I will find consolation in a temple, our time-traveller thinks to himself, but the locals do not understand his request. The word ‘mandir’ is foreign to them, as is ‘murti’. Where the heck are you from? they ask with growing suspicion. Are you one of us at all? After much to and fro, they lead him to a temporary altar by the river, around which several men are seated. But he can make no sense of their shamanic rituals of purification and praise; he does not know the guardian spirits and fertility goddesses that they are worshipping. In great inner turmoil, he proceeds to a sacrificial clearing in the forest, hoping at least to come across a familiar idol. But alas, there is not a single one there, only strange totems: instead of the mighty Shiva, he encounters a cobra; instead of the regal Vishnu, he finds a fish, a tortoise and a boar. And when the sun begins to set, he is all alone, and the locals give no sign of gathering for the congregational evening prayer that has been his daily spiritual fare for as long as he can remember. But the locals are hospitable, and after dinner (of which the less said the better), they sit around the fire with him, struggling to make conversation.
Seeking common ground, he narrates some of his most cherished myths as best as he can in his high-school Sanskrit, the story of Rama and Sita, the saga of the feuding Pandavas and Kauravas, the legend of the rival sisters Ganga and Parvati. His audience is entranced by such beautiful tales from foreign lands, not only because of his story-telling skills, but also because their ears have never been charmed by anything similar to this. Even the most central of Hindu concepts, which he idiomatically mentions in passing—the karma of his life—baffles his Vedic ‘ancestors’. But there is one comforting moment, when they invite him to a sacrifice: the yagna. With enormous relief he casts the mix of sesame, clarified butter and kindling wood into the fire, to the chanting of Vedic verse. But his relief is short-lived. He is scandalised that the priests hand around a brew they call soma, and shocked by the readiness with which both women and men drink it, transporting themselves into states of dream. He is eager to return home, for he might as well have landed on the moon.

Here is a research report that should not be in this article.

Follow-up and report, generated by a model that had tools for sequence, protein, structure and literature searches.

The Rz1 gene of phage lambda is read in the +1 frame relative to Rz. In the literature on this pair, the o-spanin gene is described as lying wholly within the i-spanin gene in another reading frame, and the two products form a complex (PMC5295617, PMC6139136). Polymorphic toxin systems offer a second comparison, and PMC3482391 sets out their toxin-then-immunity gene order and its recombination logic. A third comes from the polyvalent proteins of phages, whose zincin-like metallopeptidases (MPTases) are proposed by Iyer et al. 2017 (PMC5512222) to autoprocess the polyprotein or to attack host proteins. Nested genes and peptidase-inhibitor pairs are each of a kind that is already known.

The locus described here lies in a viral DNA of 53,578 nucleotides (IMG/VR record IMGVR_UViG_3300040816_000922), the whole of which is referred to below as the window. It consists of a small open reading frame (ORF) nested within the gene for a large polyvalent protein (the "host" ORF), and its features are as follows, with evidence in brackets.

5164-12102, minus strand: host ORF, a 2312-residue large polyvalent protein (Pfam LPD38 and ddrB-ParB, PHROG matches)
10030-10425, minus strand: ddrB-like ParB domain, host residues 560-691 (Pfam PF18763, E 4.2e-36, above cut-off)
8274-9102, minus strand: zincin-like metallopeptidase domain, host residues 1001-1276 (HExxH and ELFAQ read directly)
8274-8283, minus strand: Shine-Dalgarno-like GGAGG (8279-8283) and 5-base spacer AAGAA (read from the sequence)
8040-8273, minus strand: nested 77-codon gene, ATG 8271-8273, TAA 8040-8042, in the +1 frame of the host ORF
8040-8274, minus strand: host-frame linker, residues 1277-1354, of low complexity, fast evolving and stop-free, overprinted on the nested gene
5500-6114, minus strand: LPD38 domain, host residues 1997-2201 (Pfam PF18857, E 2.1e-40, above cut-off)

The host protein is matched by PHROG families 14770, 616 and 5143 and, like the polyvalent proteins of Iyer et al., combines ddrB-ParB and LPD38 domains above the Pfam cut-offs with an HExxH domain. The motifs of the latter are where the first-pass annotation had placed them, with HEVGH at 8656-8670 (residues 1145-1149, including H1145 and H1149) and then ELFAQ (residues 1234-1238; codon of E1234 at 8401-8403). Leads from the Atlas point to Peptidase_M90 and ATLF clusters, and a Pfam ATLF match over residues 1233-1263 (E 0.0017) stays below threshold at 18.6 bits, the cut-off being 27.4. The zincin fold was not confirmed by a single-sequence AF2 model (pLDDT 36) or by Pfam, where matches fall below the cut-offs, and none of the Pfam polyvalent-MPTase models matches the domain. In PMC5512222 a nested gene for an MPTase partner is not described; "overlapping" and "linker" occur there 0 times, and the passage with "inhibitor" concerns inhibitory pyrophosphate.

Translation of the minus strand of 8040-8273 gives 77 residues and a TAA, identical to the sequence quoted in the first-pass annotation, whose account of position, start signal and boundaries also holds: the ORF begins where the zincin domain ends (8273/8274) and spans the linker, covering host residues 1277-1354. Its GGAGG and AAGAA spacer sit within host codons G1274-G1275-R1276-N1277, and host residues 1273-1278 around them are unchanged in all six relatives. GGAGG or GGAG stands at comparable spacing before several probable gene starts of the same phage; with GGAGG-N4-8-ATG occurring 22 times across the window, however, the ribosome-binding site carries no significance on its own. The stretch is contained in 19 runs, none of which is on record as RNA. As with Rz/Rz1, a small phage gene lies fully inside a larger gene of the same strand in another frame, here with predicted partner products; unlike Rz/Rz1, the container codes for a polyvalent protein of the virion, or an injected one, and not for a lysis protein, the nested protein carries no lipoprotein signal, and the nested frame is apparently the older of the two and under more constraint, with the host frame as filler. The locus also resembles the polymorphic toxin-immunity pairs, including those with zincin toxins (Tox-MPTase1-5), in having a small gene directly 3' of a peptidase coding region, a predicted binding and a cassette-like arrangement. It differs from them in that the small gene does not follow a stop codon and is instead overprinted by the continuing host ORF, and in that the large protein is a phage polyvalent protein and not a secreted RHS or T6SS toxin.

But the VHP does not give up so easily. OK, they exclaim, so we exaggerated by a millennium here and a millennium there, but that doesn’t prove anything. Our researcher must have missed the great Hindu unravelling by a sliver of time—we just have to send him out again. This second journey falls under a bad omen right from the start. Bereft of hopes and illusions, our Hindu is mortified by the thought of what else he might find in this most alien land of all—history. Travelling ahead in time from where he left off, he labours on desperately. His patience is sorely tested. He has to overcome oceans of strangeness, to hack his way through jungles of disorientation. The forms of worship that he comes upon shock him with their earthiness and their lack of inhibition: the snake and the penis, the gnomes and goblins. Well, he says to himself, the temples must have been made of timber and brick, although he can’t quite imagine such constructions living up to the proclaimed greatness of